Today's NJ Online Gambling Industry Stands A World Apart From The One That Launched In 2013

Four Years In The Making: A Retrospective Look At New Jersey’s Legal Online Gambling Market

NJ online gambling site history
The fourth anniversary of legal online gambling in New Jersey has come and gone.

To say the landscape has changed dramatically since 13 online gambling sites simultaneously launched on Nov. 21, 2013 would be an understatement.

In the ensuing four years since the initial launch, the number of sites in the market has grown by more than one-third. Thirteen sites have turned into 21.

And several new companies have entered the market, which has more than offset the casualties New Jersey’s online gambling industry experienced in its first year.

Here’s a timeline of when each brand entered the New Jersey online gambling market and the impact it had.

The first wave

Nov. 21, 2013: The synchronized launch

To guarantee all operators would begin on equal footing, New Jersey decided to go with a synchronized launch, setting a date for all operators to launch at the same time.

Each operator was given the same timeline to work with when it came to licensing and testing. A firm deadline was set that they needed to meet in order to a part of the state’s soft launch.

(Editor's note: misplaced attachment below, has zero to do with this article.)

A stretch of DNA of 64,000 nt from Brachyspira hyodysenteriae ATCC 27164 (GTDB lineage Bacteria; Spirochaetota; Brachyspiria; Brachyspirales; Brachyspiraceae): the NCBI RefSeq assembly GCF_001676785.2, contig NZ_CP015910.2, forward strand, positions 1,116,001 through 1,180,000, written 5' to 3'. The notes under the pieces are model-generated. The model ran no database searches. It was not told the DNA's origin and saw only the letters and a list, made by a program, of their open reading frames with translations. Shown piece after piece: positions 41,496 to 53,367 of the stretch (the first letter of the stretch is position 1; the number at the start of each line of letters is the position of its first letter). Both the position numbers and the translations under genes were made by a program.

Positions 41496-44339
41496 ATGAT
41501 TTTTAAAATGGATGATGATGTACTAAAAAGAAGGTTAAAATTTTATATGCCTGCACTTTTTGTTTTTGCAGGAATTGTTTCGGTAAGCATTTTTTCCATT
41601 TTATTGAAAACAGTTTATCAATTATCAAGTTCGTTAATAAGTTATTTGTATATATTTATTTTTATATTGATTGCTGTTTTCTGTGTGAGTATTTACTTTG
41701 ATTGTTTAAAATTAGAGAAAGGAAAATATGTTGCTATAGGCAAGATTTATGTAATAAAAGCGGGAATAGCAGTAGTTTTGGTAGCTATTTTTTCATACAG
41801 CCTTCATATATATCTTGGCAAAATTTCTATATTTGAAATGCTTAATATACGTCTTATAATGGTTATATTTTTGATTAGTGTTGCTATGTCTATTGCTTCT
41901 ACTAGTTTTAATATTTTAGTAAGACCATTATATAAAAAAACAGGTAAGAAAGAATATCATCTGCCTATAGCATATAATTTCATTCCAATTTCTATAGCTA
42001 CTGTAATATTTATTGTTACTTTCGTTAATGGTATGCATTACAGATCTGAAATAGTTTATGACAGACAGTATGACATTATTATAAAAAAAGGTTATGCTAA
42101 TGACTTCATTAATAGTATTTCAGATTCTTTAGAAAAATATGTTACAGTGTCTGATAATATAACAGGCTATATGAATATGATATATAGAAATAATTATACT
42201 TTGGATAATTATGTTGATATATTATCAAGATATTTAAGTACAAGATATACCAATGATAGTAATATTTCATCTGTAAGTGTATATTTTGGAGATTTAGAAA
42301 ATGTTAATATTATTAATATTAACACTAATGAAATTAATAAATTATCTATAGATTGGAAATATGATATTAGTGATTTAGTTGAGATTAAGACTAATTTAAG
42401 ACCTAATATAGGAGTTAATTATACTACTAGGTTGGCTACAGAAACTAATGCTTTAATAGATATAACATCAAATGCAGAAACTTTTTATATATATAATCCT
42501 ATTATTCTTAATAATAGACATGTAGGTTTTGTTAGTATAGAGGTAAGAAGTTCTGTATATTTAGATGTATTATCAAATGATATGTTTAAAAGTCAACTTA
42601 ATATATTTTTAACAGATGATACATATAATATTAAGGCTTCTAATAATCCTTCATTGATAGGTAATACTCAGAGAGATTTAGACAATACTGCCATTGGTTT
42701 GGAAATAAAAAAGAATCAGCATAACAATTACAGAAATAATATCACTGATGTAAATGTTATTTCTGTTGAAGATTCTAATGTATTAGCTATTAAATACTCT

On Nov. 21, 2013, six of Atlantic City’s casinos — Borgata, Harrah’s, Caesars, Tropicana, Trump Plaza, and Trump Taj Mahal — launched seven online casinos and six NJ online poker sites.

NJ online casinosNJ online poker sites
BorgataCasino.comBorgataPoker.com
CaesarsCasino.comNJ.partypoker.com
HarrahsCasino.comWSOP.com
us.888Casino.comus.888Poker.com
TropicanaCasino.comUltimatePoker.com
BetfairCasino.comBetfairPoker.com
UltimateCasino.com

The only casinos not involved in online gambling in any way were Showboat (one of Caesars’ AC properties) and Revel.

In addition to the casinos that were part of the initial launch, two others, Golden Nugget and Resorts, were waiting in the wings. Yet another, Bally’s, was used by Caesars (Caesars had four Atlantic City casinos in 2013) in an ancillary licensing role.

Dec. 16, 2013: Golden Nugget is fashionably late

Golden Nugget Casino was briefly part of the synchronized launch, but technical issues forced it to take its online casino offline during the testing period.

Golden Nugget eventually ironed out its issues, and following a successful soft-launch, it was finally approved by the New Jersey Division of Gaming Enforcement in mid-December.

Jan. 22, 2014: Tropicana adds a new skin

Tropicana’s online gaming partner, Gamesys, launched its own online casino brand in early 2014, VirginCasino.com. Gamesys acquired Virgin Games in January 2013, with an eye on leveraging the well-known Virgin brand as a social and real-money online gaming platform.

The launch of VirginCasino.com helped propel Tropicana toward the top of the online casino market in New Jersey and marked the end of the first wave of online gambling sites.

It would be close to a year before another site launched in the market. In the interim, three sites were shuttered.

Casino closures shakeup the online gambling landscape

Sept. 8, 2014: Golden Nugget gives Betfair a place to call home